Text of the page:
Only the Air-cooled Need Apply
Photography by Afshin Behnia
While organizing and promoting Luftgekühlt II, Porsche factory driver Patrick Long and enthusiast Howie Idelson insisted that that the event would happen “come rain or shine.” Fortunately, the ever-compliant Southern California weather cooperated just long enough for the event to be a success before the heavens opened and the rains drenched Culver City this past Sunday. And thank those heavens, too, because being at Luftgekühlt (German for “air-cooled” and pronounced “louft-guh-kewlt”) was like being a kid in a candy story–that is, if candy store is filled with Porsches.
The brainchild of Long and Idelson, this curated and invitation-only event is a gathering of both street and race cars from Zuffenhausen (all of them air-cooled, of course), from the Pre-A 356 through the 993. In contrast to last year’s inaugural event at Deus Ex Machina in nearby Venice, where 40 air-cooled Porsches somehow found a berth in the cramped premises, this year’s event took place at the expansive Los Angeles home of the Bandito Brothers, a media company and collective of fellow Petrolisti.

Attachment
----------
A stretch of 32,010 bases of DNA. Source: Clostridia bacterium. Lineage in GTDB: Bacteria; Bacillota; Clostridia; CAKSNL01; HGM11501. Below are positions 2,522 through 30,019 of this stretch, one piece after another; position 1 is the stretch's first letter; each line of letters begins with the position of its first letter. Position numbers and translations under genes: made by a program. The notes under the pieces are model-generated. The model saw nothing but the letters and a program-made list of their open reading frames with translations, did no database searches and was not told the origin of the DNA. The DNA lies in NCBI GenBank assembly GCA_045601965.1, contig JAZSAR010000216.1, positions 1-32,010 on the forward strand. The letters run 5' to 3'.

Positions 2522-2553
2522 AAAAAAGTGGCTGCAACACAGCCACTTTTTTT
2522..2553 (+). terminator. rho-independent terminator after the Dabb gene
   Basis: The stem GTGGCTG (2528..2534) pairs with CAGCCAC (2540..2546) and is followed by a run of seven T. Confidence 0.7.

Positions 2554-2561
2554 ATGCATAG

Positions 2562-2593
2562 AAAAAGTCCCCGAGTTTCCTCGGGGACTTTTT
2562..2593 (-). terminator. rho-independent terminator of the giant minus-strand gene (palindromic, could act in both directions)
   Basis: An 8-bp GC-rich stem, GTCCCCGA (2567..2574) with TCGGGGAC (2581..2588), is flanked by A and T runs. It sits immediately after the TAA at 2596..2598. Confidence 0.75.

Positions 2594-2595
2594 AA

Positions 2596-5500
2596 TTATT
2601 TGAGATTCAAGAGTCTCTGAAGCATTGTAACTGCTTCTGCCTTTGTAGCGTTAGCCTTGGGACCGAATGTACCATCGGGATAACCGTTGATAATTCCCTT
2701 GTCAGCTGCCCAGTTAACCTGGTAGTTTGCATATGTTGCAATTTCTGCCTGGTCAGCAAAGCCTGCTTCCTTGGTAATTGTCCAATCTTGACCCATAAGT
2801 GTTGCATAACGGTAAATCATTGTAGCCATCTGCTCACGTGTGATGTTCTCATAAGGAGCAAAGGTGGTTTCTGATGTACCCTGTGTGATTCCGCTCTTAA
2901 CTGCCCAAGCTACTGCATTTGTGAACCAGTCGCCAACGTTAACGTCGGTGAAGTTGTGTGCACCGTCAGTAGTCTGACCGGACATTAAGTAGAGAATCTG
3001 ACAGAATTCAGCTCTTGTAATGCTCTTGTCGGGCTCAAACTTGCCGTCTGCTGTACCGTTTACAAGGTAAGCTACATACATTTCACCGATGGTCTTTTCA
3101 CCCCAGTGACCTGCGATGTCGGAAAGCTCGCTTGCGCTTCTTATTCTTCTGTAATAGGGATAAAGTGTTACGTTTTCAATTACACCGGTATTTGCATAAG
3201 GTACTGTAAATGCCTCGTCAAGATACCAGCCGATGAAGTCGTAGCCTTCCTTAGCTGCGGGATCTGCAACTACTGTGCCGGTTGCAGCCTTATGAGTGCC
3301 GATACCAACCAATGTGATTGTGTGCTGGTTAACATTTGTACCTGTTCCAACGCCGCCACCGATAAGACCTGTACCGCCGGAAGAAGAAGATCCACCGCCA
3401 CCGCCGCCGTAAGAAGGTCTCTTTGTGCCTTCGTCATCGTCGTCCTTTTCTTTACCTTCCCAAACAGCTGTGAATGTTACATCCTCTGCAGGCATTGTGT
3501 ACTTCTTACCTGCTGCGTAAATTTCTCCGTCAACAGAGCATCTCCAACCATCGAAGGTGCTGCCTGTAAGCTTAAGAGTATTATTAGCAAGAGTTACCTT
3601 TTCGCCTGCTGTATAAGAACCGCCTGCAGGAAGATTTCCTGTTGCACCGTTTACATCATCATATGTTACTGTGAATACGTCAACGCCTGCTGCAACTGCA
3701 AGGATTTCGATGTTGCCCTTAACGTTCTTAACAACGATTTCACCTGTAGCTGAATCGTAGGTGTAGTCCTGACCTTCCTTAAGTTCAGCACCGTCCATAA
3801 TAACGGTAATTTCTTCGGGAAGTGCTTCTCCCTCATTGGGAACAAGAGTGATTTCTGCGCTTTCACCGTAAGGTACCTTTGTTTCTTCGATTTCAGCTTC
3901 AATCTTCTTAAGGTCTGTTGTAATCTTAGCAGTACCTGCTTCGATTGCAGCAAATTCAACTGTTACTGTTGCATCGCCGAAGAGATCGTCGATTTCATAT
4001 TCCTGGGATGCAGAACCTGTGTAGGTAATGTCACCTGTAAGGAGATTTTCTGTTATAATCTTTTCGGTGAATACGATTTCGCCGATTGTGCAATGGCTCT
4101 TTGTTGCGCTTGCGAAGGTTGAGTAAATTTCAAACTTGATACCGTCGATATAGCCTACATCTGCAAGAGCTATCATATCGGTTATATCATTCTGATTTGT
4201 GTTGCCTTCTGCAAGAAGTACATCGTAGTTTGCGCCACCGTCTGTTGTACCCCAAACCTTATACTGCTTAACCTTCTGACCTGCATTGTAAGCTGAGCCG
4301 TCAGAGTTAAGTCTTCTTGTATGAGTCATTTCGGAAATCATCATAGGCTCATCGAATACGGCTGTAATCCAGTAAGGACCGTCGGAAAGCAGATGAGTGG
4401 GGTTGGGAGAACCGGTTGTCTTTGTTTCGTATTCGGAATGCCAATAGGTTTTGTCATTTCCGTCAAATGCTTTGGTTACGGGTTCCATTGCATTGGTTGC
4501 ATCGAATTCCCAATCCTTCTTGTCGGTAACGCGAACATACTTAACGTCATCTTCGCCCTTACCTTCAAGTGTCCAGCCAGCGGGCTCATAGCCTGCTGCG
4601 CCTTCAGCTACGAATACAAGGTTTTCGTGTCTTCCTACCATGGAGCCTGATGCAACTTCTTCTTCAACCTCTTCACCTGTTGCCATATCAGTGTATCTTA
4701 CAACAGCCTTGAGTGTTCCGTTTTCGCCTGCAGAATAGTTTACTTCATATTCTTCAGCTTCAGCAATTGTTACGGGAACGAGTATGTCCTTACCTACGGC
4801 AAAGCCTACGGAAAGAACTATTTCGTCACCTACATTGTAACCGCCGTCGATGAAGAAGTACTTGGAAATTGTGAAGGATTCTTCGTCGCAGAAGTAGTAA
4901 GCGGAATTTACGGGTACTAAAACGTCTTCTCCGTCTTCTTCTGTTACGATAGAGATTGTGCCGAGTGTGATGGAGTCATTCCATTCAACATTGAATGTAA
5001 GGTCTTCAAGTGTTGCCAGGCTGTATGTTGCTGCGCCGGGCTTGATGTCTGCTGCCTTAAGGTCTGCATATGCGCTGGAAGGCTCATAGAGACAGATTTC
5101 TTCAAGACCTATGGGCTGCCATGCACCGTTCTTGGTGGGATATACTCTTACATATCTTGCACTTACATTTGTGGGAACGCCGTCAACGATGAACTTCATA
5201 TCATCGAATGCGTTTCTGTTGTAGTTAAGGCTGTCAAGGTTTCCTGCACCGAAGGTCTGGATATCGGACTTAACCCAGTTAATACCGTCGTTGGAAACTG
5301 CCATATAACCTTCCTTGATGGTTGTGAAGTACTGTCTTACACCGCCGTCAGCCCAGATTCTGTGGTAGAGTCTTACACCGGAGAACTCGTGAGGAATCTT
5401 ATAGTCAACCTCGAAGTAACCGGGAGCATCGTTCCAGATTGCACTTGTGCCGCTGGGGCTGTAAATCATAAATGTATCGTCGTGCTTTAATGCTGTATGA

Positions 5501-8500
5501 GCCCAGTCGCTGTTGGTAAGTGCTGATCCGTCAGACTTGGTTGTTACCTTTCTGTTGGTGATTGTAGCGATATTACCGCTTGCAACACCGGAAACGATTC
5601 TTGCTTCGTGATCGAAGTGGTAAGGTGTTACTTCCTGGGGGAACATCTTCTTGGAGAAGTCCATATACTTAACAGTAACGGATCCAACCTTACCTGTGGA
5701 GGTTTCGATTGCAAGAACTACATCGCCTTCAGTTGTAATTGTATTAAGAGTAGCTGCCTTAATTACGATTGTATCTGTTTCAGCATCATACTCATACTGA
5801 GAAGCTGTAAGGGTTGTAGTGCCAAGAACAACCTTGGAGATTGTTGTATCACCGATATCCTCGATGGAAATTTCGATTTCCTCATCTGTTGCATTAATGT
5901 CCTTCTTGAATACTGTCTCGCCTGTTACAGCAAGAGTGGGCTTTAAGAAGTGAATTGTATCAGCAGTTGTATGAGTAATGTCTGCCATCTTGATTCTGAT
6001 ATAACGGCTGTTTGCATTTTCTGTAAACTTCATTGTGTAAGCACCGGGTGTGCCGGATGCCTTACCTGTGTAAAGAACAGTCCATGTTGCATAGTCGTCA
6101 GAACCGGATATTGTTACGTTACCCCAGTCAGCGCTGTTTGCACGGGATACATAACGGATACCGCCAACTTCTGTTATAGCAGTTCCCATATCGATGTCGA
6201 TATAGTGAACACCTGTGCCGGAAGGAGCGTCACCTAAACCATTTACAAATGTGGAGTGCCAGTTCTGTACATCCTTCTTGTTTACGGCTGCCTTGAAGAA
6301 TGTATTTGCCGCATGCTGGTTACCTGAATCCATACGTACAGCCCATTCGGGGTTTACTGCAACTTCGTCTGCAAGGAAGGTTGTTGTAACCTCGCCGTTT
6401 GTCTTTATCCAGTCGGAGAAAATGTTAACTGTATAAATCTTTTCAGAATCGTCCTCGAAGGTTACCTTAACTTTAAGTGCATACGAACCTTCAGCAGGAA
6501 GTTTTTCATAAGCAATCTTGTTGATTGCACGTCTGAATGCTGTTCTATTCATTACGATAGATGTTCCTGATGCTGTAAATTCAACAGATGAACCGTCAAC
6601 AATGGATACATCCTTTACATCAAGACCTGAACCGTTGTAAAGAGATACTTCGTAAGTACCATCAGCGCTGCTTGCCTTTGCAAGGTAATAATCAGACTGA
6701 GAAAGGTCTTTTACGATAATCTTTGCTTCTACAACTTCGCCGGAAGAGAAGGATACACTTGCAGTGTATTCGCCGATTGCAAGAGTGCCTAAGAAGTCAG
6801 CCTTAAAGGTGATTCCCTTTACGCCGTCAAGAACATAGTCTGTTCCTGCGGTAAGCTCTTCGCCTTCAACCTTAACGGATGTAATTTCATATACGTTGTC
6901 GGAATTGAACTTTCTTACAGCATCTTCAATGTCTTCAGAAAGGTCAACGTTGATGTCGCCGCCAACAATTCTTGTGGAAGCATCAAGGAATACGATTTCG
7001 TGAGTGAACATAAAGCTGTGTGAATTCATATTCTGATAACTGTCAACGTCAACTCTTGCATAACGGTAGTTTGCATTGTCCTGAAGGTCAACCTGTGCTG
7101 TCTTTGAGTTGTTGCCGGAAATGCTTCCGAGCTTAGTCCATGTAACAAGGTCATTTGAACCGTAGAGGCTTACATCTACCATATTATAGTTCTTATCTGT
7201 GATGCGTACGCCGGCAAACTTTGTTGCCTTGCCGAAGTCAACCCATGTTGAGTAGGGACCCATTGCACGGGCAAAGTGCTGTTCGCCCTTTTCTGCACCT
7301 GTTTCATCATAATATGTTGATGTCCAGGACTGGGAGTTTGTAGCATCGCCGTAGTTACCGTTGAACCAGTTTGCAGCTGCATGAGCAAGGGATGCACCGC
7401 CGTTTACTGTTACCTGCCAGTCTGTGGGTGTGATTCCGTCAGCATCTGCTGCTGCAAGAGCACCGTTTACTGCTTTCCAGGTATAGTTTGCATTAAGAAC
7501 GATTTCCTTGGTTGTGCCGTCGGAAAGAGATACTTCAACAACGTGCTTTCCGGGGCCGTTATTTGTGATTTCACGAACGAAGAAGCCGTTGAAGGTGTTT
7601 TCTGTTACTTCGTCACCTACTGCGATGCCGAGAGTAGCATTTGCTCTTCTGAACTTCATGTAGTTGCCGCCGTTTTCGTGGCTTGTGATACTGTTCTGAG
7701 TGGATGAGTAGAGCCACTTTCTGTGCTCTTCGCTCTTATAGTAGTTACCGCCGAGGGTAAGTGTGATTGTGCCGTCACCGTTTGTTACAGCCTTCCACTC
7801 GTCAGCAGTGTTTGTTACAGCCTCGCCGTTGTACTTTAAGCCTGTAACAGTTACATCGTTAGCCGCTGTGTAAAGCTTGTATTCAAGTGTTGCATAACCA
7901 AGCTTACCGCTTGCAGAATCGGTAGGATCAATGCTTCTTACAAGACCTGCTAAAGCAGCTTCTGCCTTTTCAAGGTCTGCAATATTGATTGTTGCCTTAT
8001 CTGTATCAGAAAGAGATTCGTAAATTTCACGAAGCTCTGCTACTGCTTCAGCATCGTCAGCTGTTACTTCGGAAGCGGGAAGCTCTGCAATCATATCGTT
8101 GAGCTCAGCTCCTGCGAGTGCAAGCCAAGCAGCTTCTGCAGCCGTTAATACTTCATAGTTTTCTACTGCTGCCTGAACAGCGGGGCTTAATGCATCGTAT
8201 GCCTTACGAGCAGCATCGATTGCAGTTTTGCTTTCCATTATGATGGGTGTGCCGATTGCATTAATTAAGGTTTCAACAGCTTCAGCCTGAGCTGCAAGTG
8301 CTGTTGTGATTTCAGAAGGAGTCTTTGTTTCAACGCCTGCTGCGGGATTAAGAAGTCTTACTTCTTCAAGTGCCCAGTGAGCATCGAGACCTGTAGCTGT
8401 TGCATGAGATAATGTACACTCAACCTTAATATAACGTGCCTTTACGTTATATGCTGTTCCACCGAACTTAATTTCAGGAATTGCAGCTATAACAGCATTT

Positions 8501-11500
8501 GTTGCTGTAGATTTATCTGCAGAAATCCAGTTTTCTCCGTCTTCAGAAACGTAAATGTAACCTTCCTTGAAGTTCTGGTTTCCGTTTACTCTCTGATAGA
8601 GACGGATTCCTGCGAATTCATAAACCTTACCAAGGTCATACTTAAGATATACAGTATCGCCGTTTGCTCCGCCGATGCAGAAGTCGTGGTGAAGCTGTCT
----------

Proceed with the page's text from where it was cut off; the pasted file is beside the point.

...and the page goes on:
Most of the attending cars arrived with their owners behind the wheel, but a few rolled in aboard trailers. Regardless of how the cars came to be at the event, though, Luftgekühlt II did not lack for rare Porsches. Highlights included an uber-rare 964 3.8 RS; street and race-prepped 904s and 906s; a 1971 East African Safari 911; a 959, a 964 Carrera 4 RS Lightweight; the Petersen Automotive Museum’s early 356 Continental Cabriolet; and a Le Mans-winning Kremer 935 driven to the event by good friend of Petrolicious, Bruce Meyer. Also in attendance was a legion of pristine examples of Porsche’s finest, as well as more, shall we say, “weathered” specimens and “outlaw” types.
The event was also the place to share the air with such noted Porsche personalities as Jeff Zwart, Magnus Walker, Patrick Dempsey, Spike Feresten, Rod Emory, and many others, some of whom had their own cars on display. And while this assembly of eye-candy may have outgrown Deus Ex Machina’s facilities, that didn’t stop their team from being on site, enthusiastically offering refreshments, music, and keepsakes for attendees, who were also treated to a live demonstration of how the event poster was silkscreened.
This edition of Luftgekühlt was once again free for spectators, but we would have gladly paid the price of admission. Long and Idelson deserve a round of applause for organizing this undertaking, and Petrolicious is looking forward to see what they have up their sleeves for Luftgekühlt III.